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Agatha Raisin and the Fairies of Fryfam Mass Market Paperback – Apr 15 2001


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Product Details

  • Mass Market Paperback: 224 pages
  • Publisher: St. Martin's Paperbacks (April 15 2001)
  • Language: English
  • ISBN-10: 0312976267
  • ISBN-13: 978-0312976262
  • Product Dimensions: 10.7 x 1 x 17 cm
  • Shipping Weight: 91 g
  • Average Customer Review: 3.8 out of 5 stars  See all reviews (28 customer reviews)
  • Amazon Bestsellers Rank: #574,034 in Books (See Top 100 in Books)

Product Description

From Publishers Weekly

When a fortune-teller tells Agatha Raisin that her destiny lies in Norfolk, the puckish 50-ish heroine of nine previous adventures in this witty series doesn't think twice about renting a cottage sight unseen in a county she's never visited. Of course, Agatha has been spurned by the love of her life, her Cotswolds neighbor James Lacey, which has a lot to do with her removing herself and her two cats, Hodge and Boswell, to the village of Fryfam. There she meets the members of the Fryfam's Women's Group, to whom she explains her presence by saying she's writing a crime novel, Death at the Manor--an unfortunate fib as the village squire, Tolly Trumpington-James, is soon murdered at his manor house. Aided by suave friend Sir Charles Fraith, Agatha sets about prying into the lives of the locals to discover who wanted the squire dead. Peculiar lights at the bottom of her garden (the work of fairies?), the theft of a heavily insured George Stubbs painting, the brief disappearance of her two cats and a second murder, that of Tolly's gamekeeper, may disturb but not shake Agatha from her quest. In the end Charles uses his charm to elicit an important clue from the ravishing barmaid at the pub popular with the Fryfam menfolk. That the social comedy largely overshadows the mystery and its solution won't bother Beaton fans, who will be far more concerned whether Agatha falls for Charles herself or wins back the feckless James in this highly amusing cozy.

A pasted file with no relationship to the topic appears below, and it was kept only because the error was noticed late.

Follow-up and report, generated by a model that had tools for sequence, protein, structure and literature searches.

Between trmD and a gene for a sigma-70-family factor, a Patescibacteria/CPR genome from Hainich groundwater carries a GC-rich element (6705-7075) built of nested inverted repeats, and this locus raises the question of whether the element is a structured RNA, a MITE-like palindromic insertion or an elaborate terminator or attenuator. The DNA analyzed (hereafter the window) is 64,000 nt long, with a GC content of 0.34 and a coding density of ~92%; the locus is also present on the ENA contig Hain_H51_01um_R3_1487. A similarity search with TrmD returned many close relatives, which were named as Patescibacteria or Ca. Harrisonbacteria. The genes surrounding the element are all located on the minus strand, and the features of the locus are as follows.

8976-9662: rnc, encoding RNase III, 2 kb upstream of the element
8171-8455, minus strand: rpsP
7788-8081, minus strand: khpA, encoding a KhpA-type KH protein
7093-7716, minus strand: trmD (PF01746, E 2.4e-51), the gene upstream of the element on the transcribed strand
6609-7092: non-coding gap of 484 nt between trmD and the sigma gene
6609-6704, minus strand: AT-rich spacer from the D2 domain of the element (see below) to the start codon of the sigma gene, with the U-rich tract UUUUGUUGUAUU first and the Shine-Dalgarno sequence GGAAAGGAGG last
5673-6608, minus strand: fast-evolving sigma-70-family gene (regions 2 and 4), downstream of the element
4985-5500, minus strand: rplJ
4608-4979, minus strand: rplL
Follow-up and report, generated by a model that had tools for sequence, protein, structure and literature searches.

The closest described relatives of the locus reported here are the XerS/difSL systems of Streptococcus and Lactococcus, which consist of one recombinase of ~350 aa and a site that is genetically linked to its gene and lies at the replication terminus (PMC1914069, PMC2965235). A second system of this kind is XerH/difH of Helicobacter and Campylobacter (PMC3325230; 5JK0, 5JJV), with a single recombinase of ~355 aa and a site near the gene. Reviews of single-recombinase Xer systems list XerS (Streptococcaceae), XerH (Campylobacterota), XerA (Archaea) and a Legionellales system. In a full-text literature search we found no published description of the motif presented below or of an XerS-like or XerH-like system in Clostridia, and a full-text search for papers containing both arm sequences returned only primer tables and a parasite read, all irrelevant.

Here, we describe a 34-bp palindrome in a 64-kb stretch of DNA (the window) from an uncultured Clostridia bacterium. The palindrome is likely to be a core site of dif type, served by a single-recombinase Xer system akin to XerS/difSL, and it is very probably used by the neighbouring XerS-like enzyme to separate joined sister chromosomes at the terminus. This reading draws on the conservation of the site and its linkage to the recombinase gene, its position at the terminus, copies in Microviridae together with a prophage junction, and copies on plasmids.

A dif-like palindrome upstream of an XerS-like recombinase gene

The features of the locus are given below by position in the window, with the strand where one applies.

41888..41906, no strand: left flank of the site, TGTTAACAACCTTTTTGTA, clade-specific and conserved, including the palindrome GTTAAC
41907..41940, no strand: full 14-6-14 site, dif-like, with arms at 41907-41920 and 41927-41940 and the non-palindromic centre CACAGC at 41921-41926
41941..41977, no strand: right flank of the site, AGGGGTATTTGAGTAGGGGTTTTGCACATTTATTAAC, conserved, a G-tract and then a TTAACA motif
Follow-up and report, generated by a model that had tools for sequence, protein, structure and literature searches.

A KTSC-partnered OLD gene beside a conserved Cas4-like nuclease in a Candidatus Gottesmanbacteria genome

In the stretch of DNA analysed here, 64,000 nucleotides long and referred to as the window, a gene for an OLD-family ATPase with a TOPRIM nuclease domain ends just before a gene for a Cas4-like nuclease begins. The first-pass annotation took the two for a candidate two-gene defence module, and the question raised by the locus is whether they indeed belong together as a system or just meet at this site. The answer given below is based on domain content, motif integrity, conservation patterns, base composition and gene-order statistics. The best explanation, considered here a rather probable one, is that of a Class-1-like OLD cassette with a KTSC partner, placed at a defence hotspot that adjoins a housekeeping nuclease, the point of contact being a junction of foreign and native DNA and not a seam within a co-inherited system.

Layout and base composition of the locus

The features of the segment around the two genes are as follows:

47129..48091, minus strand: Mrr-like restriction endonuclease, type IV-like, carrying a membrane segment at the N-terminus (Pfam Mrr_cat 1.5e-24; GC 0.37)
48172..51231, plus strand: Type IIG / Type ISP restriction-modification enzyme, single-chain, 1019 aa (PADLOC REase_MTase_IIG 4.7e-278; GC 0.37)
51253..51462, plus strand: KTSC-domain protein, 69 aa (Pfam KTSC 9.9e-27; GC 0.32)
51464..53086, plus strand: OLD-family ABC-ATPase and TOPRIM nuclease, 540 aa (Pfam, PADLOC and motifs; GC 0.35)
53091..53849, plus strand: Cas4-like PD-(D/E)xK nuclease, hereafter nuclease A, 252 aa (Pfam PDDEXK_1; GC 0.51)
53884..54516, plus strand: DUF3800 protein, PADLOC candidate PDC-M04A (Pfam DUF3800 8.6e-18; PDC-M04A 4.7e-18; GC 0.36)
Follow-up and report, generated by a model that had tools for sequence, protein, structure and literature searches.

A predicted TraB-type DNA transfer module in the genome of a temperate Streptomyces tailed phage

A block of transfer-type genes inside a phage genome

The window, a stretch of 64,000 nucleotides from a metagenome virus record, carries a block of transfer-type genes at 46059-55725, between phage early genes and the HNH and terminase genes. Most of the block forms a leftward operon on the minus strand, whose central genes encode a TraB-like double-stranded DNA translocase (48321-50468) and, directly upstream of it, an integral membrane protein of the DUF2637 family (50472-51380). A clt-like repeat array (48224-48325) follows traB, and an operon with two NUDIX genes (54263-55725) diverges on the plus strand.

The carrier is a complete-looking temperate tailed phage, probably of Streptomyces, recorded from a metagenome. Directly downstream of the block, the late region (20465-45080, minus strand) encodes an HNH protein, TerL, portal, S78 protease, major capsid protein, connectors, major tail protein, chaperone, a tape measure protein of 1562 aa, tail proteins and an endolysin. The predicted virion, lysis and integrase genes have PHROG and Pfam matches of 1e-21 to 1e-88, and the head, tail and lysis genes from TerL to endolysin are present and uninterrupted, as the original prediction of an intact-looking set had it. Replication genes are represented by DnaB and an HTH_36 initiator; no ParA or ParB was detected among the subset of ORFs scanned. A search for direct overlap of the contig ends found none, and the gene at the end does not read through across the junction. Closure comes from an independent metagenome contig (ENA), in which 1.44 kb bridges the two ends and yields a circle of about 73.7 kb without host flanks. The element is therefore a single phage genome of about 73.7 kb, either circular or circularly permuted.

Copyright 2000 Reed Business Information, Inc. --This text refers to an out of print or unavailable edition of this title.

From Kirkus Reviews

Bereft, as she thinks, of James Lacey, the love of her life, drolly blunt Agatha Raisin (Agatha Raisin and the Witch of Wyckhadden, 1999, etc.) begins her tenth acid cozy by following a fortuneteller's advice: she ups and moves to Lavender Cottage in the Norfolk village of Fryfam, where her missing vase is only the latest of a series of mysteriously vanished objects. But not everything in Fryfam disappears. There's quite a show of dancing lights at the bottom of Agatha's back garden; one of her new neighbors turns up dead; and indomitable James will return as well. -- Copyright © 2000 Kirkus Associates, LP. All rights reserved. --This text refers to an out of print or unavailable edition of this title.

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AGATHA Raisin was selling up and leaving Carsely for good. Read the first page
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Customer Reviews

3.8 out of 5 stars

Most helpful customer reviews

1 of 1 people found the following review helpful By Judith Miller on Sept. 18 2003
Format: Mass Market Paperback
In this story, Agatha Raisin decides to take a short vacation in the Norfolk area of England, where she rents a small cottage in the village of Fryfam. She felt that she needed to get away from her home in the Cotswolds, and think of something else rather then James Lacey, a man who didn't return her love. Also, by chance, a fortuneteller told her that she might find true love in Norfolk.
The rented cottage in Fryfam has a large garden and often little lights appear among the bushes. Many of the villagers seem to believe that fairies are the cause of the mysterious twinkling lights. Agatha makes a few friends who invite her to quilt with them, and when she discovers that their husbands are ignoring them, she intrudes with some suggestions to make the errant husbands take notice. Agatha's friend, Sir Charles Fraith shows up for a surprise visit and to keep Agatha company. When the local squire is murdered, she and Charles do some sleuthing to try and discover the killer.